A Tiny Solution to a Big Problem 

The affordable housing problem has been around, and recognized, for a long time. Frank Lloyd Wright designed prefabricated homes before World War I while Swiss-born architect Le Corbusier said, “The materials of city planning are: sky, space, trees, steel and cement; in that order and that hierarchy.”

Nolan said, “The City of Ojai and other communities in the state need an avenue to bring in new housing and recognize that, with climate change, we may need alternate methods and materials and out-of-the-box zoning.” In fact, states such as Oregon are already taking steps to change their zoning codes to permit novel types of multi-unit developments.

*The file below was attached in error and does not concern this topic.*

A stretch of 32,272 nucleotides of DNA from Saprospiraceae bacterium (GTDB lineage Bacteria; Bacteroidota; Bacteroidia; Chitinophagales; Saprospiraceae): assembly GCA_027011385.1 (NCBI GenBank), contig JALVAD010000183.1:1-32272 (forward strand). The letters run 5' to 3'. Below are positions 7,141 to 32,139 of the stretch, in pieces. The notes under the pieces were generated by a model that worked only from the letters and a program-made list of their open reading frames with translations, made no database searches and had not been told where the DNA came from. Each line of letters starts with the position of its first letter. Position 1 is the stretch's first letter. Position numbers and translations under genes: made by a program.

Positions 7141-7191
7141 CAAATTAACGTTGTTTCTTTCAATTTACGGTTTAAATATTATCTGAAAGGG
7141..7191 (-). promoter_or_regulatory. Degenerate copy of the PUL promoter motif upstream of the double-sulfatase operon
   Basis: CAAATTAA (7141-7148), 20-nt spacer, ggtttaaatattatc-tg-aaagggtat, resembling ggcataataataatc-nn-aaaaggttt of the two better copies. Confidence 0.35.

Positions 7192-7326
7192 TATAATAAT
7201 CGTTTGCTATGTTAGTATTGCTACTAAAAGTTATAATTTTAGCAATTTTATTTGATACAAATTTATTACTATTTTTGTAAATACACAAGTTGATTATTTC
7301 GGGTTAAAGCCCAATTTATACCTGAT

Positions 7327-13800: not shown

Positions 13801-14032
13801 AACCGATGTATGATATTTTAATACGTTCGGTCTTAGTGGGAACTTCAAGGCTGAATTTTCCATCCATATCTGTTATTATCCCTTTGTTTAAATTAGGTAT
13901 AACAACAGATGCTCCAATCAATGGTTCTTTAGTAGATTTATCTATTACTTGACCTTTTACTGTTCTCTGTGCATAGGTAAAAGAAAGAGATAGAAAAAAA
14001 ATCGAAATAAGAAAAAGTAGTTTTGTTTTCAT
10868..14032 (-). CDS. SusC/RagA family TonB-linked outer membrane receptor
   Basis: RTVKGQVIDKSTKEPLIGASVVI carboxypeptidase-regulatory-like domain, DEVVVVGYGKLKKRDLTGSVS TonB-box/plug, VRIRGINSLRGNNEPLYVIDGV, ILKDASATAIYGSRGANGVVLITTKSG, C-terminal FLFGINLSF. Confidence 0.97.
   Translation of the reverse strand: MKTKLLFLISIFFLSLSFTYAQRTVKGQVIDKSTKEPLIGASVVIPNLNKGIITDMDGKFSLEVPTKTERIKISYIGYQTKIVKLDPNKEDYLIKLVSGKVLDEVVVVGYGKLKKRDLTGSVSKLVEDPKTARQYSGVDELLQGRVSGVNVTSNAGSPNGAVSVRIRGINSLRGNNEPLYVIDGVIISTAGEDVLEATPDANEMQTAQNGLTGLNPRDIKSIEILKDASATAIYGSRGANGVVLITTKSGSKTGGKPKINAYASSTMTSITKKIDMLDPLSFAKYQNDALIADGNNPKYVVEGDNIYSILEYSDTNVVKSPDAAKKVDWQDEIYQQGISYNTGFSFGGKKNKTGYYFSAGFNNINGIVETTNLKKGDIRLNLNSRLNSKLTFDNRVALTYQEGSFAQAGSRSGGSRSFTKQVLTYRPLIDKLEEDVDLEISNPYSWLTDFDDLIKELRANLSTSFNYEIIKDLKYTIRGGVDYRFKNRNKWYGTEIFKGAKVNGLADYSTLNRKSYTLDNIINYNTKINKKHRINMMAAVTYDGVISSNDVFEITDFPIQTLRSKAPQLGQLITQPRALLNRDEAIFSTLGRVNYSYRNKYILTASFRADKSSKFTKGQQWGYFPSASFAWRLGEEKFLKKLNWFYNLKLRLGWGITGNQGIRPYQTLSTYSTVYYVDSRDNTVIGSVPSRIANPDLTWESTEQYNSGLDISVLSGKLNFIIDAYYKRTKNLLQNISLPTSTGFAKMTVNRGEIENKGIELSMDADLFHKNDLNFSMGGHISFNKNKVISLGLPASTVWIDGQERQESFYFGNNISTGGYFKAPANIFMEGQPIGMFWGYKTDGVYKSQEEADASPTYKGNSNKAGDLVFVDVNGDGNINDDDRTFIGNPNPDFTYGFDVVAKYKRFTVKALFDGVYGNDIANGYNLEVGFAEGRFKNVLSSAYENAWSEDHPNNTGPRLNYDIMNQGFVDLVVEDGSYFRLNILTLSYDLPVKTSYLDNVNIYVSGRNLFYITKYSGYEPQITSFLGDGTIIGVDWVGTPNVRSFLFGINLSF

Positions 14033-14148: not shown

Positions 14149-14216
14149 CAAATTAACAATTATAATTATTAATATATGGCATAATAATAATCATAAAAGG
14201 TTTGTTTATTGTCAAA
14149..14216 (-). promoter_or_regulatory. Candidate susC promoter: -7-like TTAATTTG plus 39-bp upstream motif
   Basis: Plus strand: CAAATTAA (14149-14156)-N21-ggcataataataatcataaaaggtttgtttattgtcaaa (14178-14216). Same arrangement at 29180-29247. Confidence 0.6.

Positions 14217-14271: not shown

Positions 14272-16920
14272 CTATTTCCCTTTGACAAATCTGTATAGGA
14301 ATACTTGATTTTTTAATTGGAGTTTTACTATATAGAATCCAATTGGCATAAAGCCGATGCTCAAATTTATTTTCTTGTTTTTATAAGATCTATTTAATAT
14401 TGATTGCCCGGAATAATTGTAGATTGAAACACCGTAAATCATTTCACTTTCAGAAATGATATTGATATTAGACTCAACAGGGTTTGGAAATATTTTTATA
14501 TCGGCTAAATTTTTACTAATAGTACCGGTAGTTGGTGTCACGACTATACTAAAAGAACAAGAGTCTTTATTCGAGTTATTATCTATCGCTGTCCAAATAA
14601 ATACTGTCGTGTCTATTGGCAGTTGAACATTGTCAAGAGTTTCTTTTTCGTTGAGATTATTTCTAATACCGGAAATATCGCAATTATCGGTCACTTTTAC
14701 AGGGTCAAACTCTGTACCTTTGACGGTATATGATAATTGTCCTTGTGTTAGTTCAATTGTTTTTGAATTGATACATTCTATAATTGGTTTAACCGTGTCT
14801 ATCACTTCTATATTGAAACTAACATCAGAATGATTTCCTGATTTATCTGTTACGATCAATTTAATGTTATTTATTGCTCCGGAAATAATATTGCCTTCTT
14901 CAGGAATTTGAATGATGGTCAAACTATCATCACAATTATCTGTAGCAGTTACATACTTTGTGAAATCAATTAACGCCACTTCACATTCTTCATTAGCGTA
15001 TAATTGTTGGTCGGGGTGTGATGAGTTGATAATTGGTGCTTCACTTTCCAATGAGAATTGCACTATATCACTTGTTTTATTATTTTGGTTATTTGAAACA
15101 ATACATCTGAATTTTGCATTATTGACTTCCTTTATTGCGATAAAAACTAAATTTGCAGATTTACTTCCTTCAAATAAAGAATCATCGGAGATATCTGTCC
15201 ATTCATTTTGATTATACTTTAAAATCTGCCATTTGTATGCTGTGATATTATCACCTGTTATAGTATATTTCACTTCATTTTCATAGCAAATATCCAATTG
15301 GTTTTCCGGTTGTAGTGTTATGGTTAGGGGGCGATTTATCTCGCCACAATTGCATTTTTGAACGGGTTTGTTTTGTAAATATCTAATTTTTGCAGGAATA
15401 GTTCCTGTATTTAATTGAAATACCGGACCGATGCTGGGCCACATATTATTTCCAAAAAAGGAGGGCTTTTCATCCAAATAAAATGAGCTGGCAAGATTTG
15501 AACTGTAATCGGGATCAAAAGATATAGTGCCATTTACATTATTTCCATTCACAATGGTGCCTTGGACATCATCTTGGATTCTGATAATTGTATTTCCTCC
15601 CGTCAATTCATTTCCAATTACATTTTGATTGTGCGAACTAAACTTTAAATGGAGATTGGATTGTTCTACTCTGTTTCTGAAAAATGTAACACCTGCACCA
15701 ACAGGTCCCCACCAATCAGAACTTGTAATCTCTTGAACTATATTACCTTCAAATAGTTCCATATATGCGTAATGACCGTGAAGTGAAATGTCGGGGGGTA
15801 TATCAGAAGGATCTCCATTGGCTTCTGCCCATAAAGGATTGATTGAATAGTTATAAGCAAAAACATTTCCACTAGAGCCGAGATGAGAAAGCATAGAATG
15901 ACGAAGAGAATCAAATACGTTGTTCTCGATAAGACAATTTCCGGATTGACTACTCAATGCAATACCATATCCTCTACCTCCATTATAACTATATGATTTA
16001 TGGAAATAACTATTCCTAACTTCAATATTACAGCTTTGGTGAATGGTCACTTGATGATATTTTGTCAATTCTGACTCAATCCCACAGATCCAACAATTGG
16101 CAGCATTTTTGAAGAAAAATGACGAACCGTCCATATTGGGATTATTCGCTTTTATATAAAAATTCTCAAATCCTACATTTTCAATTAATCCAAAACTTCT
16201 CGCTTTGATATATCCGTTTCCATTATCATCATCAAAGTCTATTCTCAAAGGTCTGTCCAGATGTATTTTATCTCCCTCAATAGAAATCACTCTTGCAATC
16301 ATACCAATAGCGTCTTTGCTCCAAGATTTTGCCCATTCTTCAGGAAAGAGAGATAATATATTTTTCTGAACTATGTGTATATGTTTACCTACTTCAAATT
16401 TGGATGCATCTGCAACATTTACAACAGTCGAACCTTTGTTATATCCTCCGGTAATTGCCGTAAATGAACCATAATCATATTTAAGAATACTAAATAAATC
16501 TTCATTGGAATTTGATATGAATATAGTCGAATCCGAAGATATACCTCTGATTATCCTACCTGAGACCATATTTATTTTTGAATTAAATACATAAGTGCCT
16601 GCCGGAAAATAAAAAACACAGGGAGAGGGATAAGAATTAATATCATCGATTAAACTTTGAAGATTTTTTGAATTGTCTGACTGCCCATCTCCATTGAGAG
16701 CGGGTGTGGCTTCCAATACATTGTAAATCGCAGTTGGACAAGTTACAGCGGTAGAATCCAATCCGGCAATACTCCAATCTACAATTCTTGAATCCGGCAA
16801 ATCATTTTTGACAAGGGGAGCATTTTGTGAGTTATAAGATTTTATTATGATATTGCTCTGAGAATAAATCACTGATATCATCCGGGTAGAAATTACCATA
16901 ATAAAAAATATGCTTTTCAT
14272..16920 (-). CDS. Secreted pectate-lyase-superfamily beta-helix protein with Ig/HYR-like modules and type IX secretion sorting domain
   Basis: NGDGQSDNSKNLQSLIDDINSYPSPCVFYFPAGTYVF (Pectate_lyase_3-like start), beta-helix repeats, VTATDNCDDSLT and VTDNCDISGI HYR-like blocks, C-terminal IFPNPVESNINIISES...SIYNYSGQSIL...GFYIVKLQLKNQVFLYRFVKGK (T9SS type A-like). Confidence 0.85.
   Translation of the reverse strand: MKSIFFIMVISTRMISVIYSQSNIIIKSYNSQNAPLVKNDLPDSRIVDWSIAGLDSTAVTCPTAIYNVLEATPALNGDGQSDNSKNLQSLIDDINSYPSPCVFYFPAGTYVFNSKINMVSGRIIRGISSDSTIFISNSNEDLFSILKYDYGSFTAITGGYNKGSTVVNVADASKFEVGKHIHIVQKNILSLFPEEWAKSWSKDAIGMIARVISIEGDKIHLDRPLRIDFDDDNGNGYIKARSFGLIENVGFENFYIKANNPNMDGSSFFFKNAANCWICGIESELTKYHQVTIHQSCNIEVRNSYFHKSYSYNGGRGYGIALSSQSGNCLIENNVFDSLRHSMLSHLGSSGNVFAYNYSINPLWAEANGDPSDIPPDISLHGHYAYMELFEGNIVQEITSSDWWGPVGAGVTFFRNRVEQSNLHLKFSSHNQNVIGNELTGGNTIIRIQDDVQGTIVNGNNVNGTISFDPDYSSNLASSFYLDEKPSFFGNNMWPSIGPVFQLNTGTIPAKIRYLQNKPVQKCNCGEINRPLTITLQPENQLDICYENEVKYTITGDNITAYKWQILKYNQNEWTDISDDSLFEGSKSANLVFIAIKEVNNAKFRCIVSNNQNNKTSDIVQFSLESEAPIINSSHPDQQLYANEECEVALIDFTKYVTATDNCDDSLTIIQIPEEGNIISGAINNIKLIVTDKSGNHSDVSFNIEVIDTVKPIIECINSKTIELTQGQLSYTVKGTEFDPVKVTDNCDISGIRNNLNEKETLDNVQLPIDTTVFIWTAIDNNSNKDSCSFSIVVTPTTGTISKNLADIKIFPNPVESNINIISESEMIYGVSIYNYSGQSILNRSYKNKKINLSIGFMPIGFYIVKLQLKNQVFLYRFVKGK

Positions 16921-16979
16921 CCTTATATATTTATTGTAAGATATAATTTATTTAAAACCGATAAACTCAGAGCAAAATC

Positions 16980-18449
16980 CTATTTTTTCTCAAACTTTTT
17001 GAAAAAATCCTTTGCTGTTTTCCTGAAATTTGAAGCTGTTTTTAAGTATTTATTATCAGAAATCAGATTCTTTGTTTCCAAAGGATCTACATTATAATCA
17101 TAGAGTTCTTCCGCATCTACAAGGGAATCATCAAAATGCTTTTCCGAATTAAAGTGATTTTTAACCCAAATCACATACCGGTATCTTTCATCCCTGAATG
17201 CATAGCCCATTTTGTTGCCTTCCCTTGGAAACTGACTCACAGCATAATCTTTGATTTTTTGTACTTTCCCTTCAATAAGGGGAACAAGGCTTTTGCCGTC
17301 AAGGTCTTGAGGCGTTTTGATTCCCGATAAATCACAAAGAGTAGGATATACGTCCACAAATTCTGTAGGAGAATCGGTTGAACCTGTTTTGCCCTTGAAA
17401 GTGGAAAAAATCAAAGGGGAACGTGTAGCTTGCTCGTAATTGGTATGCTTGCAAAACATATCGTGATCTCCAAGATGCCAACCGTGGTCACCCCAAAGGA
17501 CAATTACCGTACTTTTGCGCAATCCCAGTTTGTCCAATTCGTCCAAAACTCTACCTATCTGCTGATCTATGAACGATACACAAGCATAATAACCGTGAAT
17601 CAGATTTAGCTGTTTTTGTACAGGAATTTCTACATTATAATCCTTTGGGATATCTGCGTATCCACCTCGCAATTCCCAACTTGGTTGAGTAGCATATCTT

For large empty lots in Ojai or on the Valley’s outskirts, mostly self-sustaining communities composed of modular homes may be the answer. Bill Miley presented an attractive possibility to Ojai’s City Council and Planning Commission: small modular units (including park homes) that range from 399 to up to 600 square feet, priced between $40,000 to $60,000, including city fees and setting up on foundations, and could be approved as Accessory Dwelling Units in residential zones.    

University of Southern California-trained residential designer and former Ojai resident Vina Lustado also has demonstrated Ojai living with a small footprint at her tiny home residence in the East End. At 20-feet long, 8-feet wide, and almost 12-feet tall, 220 square-feet total, her tiny house contains a greywater system, compost toilet, and runs on solar (see Fall 2014 OQ story). She pointed out that, in addition to being mobile, tiny homes are inexpensive with prices typically ranging from $65,000 to $85,000.